I’m going to be the one chucking the boards across the table and asking for a vino!!!!

    It should be considered the basic, essential philosophy of care for people living with dementia is provision of a familiar routine including choices & preference of the person.
    This upholds a more dignified and respectful environment for the person living with dementia.
    It is the responsibility of us all to acknowledge people living with dementia as individuals, and not attempt to enforce our own sometimes rigid judgement calls, and practices, onto someone who is not interested in what we assume they will be.

    Our attitudes and methods can inextricably become duty motivated, detached, distressing, and invasive to a person with dementia, thus invade their personal space.

    I express therefore, for us to remind ourselves continually that our objectives, procedures, priorities, and routines are not essentially nor automatically those of the people we care for.

    Elimination of rights can be extremely disturbing, create distress and agitation, leading to a person feeling misplaced within their reality, with no sense of comfort or security.

    At a time when a person is experiencing the most dramatic changes in their life, they cannot be placed in a situation where who they are, and have been, becomes secondary to the priorities and demands of where they are, or who is caring for them.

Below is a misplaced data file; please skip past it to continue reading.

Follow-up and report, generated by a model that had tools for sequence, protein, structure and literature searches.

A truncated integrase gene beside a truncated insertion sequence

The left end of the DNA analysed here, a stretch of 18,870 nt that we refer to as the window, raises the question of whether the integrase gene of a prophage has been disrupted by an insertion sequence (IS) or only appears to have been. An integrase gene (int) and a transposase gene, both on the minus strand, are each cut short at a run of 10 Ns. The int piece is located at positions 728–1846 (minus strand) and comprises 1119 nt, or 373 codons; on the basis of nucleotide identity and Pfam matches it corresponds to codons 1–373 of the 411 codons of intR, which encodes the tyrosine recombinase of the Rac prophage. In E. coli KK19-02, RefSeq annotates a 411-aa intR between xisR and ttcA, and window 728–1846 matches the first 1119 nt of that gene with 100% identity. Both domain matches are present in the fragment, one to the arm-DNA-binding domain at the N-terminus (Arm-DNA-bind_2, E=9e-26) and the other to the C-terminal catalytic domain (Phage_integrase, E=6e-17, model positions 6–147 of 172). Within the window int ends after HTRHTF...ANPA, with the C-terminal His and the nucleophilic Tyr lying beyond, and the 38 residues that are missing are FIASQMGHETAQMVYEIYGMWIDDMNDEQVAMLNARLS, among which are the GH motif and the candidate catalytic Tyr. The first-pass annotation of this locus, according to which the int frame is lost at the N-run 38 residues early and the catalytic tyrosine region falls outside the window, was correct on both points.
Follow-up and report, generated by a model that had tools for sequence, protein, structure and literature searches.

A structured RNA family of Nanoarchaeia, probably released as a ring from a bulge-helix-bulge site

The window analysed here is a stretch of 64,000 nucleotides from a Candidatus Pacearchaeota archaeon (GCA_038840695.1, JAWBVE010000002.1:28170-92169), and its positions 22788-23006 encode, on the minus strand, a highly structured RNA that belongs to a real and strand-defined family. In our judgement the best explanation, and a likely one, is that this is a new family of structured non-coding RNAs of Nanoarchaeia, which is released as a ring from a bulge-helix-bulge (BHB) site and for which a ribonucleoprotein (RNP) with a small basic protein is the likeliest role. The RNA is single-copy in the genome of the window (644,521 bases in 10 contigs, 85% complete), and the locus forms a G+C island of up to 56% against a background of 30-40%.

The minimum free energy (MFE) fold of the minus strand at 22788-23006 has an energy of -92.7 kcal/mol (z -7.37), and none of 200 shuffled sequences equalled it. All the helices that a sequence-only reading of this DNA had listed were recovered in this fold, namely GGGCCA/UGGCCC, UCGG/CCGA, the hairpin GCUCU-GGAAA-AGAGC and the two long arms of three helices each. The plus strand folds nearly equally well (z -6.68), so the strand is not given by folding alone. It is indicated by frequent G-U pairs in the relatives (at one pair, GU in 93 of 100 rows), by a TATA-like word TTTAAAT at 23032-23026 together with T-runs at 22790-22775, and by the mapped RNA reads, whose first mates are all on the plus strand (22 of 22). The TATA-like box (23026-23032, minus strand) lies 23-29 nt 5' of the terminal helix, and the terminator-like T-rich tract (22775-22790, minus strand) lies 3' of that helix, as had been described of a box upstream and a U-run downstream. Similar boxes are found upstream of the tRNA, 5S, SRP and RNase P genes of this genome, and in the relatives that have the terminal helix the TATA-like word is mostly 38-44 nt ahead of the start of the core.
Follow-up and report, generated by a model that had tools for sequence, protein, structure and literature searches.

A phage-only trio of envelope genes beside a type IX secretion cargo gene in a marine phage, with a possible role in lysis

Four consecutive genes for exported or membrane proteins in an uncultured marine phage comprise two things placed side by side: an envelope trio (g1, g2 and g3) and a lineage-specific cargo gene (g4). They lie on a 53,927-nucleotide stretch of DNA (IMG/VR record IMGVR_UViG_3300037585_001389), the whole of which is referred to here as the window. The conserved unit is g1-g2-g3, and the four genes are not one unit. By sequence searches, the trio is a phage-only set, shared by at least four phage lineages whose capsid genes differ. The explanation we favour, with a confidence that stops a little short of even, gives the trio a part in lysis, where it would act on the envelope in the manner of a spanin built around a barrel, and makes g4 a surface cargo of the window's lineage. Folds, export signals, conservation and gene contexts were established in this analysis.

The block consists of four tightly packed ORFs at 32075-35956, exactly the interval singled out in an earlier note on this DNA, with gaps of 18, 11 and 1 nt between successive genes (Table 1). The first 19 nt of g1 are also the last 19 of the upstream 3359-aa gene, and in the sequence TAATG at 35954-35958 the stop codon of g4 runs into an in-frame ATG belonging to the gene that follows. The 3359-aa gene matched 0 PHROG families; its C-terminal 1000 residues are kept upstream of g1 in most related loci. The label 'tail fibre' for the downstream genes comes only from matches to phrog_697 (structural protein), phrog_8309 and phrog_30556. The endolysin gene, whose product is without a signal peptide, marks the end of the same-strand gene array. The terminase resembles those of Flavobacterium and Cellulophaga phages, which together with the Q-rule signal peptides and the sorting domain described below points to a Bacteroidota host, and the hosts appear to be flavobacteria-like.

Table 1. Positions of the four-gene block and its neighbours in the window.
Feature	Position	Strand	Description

Living with dementia does not mean losing oneself or one’s humanity.

    Bingo – bah humbug!!!!!!

    L.xx

  4. I hope I never become as ‘lazy’ as you Kate I just don’t have enough energy for it! Your blogs and spirit help to keep me on the straight and narrow. Hope you and your BUB have a good Christmas.

  5. I totally agree Kate, I can think of nothing worse than being forced to do something I don’t want to do like bingo.
    The problem is that many care homes do this because they don’t think about the fact that we all like different things from life.

  6. I believe it is very important to share with your family how you wish to be treated and what activities you wish to participate in very shortly after diagnosis. Some people document this in writing. I know others who have documented this in a video. But the important thing is to let your family know what activities you wish to participate in and how you want to engage with others while you still can. This should prevent being tossed into activities or conversations that you would not want to engage in if you had the choice.

  7. I think that it is very important for a person living with dementia to clarify early in their diagnosis how they wish to be treated in the later stages. This can be done in a variety of ways. Some people wish to fill out a “my wishes” document. Some people I know have chosen to make videos to this effect. I believe this behavior should be encouraged so that people living with dementia can continue to be treated as they so choose even when they can no longer vocalize it.

The only thing missing in this global conversation is YOUR voice... Thank you.